Which UK energy suppliers have gone bust?

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These are turbulent times for the UK’s energy sector, not to mention the millions of households they’re licensed to serve.

In recent weeks, several energy companies have gone to the wall, leaving almost two million customers dependent on the safety net provided by the market regulator, Ofgem. The latest, Daligas - with 9,000 domestic and commercial gas-only customers - ceased trading today. Pure Planet and Colorado Energy, went bust yesterday (13 October).

This regulatory backstop is in place to do two things. It maintains supplies to domestic customers, and it protects their credit balances while the energy watchdog moves beleaguered accounts to a new supplier.

Replacement suppliers

Last month, for example, Octopus Energy took over the accounts of 600,000 customers who had previously been with the now defunct supplier, Avro Energy. Meanwhile, British Gas added 350,000 new bill payers from People’s Energy which had also gone to the wall.

Such significant corporate failures are blamed on rising wholesale prices, particularly for natural gas, which has risen in price by 250% since the beginning of the year.

The table below reveals failed energy companies going back to 2016 and the scale of the upheaval in recent months is staggering.

Date

Failed supplier

Customers

Acquiring supplier

October 2021

GOTO Energy

22,000

Shell Energy

October 2021

Daligas

9,000

Shell Energy

October 2021

Pure Planet

235,000

Shell Energy

October 2021

Colorado Energy

15,000

Shell Energy

September 2021

Symbio

50,000

E.ON Next

September 2021

Igloo

180,000

E.ON Next

September 2021

Enstroga

6,000

E.ON Next

September 2021

Avro

600,000

Octopus

September 2021

Green

350,000

Shell

September 2021

People’s Energy

350,000

British Gas

September 2021

Utility Point

200,000

EDF

September 2021

PFP Energy

80,000

British Gas

September 2021

Moneyplus Energy

9000

British Gas

August 2021

HUB Energy

15,000

Eon Next

January 2021

Simplicity Energy

50,000

British Gas Evolve

January 2021

Green Network Energy

367,500

EDF

December 2020

Yorkshire Energy

74,000

Scottish Power

October 2020

Tonik Energy

130,000

Scottish Power

September 2020

Effortless Energy

2,500

Octopus

March 2020

Gnergy

9,000

Bulb

December 2019

Breeze

18,000

British Gas

October 2019

Toto

134,000

EDF

October 2019

Uttily (Rutherford)

280

Total gas and power

September 2019

Eversmart

29,000

Utilita

August 2019

Solarplicity

8,000

EDF

August 2019

Cardiff Energy Supply Ltd

800

SSE

March 2019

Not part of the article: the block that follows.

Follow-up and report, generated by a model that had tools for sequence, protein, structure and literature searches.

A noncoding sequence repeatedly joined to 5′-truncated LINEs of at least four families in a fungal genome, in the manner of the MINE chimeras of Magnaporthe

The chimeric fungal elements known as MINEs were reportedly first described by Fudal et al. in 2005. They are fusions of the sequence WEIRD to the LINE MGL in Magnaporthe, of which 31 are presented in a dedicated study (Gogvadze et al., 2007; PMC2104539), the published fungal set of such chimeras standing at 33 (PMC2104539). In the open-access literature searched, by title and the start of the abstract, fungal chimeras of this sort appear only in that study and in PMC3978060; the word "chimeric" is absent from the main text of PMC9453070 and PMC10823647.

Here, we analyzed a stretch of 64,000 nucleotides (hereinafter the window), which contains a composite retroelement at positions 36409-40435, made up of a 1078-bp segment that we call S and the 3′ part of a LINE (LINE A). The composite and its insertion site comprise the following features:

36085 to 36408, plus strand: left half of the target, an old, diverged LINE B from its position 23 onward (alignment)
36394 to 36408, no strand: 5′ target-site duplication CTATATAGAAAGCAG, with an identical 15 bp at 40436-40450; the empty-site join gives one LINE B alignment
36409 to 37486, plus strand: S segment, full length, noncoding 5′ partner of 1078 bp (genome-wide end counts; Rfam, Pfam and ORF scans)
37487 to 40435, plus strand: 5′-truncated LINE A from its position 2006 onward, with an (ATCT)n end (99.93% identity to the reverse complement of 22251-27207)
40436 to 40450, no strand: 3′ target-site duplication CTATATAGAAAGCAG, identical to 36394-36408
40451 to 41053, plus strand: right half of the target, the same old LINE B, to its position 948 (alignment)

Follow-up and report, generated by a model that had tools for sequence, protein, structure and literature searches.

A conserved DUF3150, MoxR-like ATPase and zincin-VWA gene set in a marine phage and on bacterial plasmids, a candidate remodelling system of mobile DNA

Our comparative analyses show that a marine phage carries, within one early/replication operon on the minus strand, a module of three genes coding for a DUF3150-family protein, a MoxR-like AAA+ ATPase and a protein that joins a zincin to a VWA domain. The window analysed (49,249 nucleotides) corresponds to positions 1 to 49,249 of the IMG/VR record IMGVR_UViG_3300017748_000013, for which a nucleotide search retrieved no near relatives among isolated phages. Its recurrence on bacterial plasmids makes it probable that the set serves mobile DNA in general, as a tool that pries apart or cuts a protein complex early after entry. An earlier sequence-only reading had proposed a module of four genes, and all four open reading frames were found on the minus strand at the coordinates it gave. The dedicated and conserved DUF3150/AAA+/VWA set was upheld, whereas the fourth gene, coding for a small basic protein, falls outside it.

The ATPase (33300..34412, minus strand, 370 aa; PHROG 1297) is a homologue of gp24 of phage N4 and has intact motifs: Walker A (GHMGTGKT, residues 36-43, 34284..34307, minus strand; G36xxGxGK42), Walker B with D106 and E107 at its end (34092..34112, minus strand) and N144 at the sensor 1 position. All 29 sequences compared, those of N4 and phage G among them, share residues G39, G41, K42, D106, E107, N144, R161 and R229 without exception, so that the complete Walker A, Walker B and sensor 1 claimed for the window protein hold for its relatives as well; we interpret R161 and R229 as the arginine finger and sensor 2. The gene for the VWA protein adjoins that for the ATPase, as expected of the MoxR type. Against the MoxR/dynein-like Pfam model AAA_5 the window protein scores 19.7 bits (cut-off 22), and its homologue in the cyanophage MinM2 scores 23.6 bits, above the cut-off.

Brilliant

17,000

SSE (currently SSE OVO)

January 2019

Our Power

32,000

Utilita

January 2019

Economy Energy

237,000

OVO

December 2018

One Select

33,000

Together Energy

November 2018

Spark Energy

290,000

OVO

November 2018

Extra Energy

108,000

Scottish Power

October 2018

Usio Energy

7,255

First Utility (currently Shell)

July 2018

Iresa Energy

95,000

Octopus Energy

July 2018

UK National Gas

80

Hudson Energy

January 2018

Future Energy

10,000

Green Star Energy

November 2016

GB Energy

160,000

Coop Energy

Roughly the same number of customers have been affected by energy companies going bust in September 2021 as had been for the entire period from 2016 to 2020.

The recent spate of closures is evidence of the depth of the current crisis in the energy market. We’ll update the list if, as expected, further corporate casualties are announced.

Energy price cap rise

Earlier this summer, Ofgem announced that its price cap, which limits how much energy firms can charge their customers per unit of energy and associated standing charges, would rise by £139 to £1,277 from 1 October.

It’s worth remembering that this is the figure for a household with typical consumption values; actual bills will always be determined by how much energy is used.

The cap applies to approximately 11 million households on standard variable rate ‘default’ tariffs. The cost of prepayment tariffs is also capped. This figure also rose, by £153 to £1,309, at the start of this month and affects around four million households.

Other tariffs, notably fixed rate, fixed term deals, are not subject to the cap. Prior to September 2021, it was commonly the case for fixed deals to cost significantly less than the level of the cap.

This is no longer the case, however, because of the cost of wholesale energy.

The 12% increase in the price caps on 1 October was intended to allow suppliers to pass on the increased cost of buying bulk fuels. But escalating price rises since the caps were set mean many suppliers are now effectively operating at a loss.

What happens when a supplier goes bust?

The impact of a firm going bust is minimised by Ofgem’s safety net, which maintains their energy supply without interruption, and without customers having to take any action.

It arranges the transfer of customers’ accounts to a new supplier, working with the firms to honour customer credit balances and manage debt repayments.

Once the transfer is complete, each customer is free to move suppliers again if they wish. At present, however, they are unlikely to find a cheaper tariff than their nominated supplier’s ‘deemed’ tariff, which is required to operate within the Ofgem price cap.

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